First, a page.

Saturday, 17 October 2015

The Drowning Lesson by Jane Shemilt

This is the second novel from Sunday Times bestselling author Jane Shemilt following the success of her critically acclaimed debut novel Daughter. This is my first Shemilt read but I was definitely impressed and now curious for more. 

This offering tells of married doctors Emma and Adam Jordan who are at the top of their professions and are always striving to better themselves. 

When the opportunity arises, Adam jumps at the chance to take a research placement in Botswana and so the Jordans relocate with their three children to Africa. They expected the experience to be life changing but it is life altering in ways they could not possibly have envisaged. 

Emma arrives home one night to learn that their baby son has been abducted. Thousands of miles from home, the Jordan family desperately try to uncover the truth as to what has happened to their baby in the midst of the grief and turmoil of the situation. 

I’ve yet to have children, but I can guess that losing a child is probably a parent’s worst nightmare. Add to that being in a foreign country, away from friends and familiarity and a different legal system, and it makes the whole scenario much more terrifying and stressful. 

Emma and Adam have an interesting relationship to start with; both intelligent and at the top of their fields and yet they are always in some unspoken competition to outdo each other. They certainly have their differences, and following the abduction their marriage is pushed to breaking point.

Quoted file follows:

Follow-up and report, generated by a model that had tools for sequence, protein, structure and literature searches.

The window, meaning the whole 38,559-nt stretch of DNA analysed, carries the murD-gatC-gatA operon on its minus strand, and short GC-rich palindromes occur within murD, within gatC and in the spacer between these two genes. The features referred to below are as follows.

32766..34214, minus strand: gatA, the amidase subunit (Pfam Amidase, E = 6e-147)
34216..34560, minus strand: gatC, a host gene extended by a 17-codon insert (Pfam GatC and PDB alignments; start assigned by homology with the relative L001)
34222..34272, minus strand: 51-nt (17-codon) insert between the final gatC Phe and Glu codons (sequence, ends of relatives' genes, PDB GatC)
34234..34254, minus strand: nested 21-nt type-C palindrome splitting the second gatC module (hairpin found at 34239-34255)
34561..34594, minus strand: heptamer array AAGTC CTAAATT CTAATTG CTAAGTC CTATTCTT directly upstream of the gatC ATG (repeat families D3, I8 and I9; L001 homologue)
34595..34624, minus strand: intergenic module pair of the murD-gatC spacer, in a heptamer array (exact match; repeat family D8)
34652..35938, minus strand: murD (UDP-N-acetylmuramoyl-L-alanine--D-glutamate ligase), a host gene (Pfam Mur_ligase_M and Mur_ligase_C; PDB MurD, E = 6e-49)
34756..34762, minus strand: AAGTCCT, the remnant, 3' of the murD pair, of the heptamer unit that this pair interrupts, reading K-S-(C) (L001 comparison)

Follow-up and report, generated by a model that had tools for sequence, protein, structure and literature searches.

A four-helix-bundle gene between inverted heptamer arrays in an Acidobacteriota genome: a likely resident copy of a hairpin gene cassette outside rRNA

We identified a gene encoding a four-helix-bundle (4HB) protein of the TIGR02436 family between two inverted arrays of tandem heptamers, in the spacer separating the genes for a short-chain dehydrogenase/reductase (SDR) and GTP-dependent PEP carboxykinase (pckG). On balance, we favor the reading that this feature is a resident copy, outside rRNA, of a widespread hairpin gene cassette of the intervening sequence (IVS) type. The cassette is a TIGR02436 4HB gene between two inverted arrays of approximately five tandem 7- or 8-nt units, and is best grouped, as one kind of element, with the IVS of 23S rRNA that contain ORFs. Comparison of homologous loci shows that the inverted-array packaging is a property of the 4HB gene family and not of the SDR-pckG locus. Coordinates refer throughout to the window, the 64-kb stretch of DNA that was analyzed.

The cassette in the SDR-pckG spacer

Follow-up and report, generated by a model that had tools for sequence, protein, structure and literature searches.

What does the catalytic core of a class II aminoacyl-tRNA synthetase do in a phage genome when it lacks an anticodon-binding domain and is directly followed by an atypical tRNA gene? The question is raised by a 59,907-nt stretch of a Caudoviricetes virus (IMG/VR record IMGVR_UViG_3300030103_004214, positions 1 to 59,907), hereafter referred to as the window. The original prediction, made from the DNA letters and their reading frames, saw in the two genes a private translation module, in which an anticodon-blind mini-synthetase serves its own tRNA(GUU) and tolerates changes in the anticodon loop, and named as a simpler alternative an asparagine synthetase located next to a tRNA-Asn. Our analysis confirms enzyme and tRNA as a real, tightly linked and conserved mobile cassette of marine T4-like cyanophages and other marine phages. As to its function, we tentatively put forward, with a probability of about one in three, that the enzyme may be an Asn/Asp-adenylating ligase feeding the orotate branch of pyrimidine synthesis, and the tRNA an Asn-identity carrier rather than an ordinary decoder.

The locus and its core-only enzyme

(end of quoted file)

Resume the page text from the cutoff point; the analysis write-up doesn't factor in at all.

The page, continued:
Emma’s character has many issues of her own, sometimes explored through flashbacks to her childhood which added more depth to the story. Issues aside, the Jordans are a fairly ordinary family, and so being thrown into such a terrible situation, it makes for gripping reading to uncover the mystery alongside them. 

There are two main settings which really ground the two halves of the story. There is the family’s home in England where you learn about the characters and their day to day lives which is quite ordinary and safe. Then with the move to Africa, you can almost feel the unforgiving heat of the place as the Jordan’s start their new life there which swiftly takes a turn for the worst. 

The prose gets quite dark at times and there is plenty of tension as you move towards the ending. A compelling read about secrets, marriage, family and motherhood, The Drowning Lesson will keep you guessing until the very last page. 

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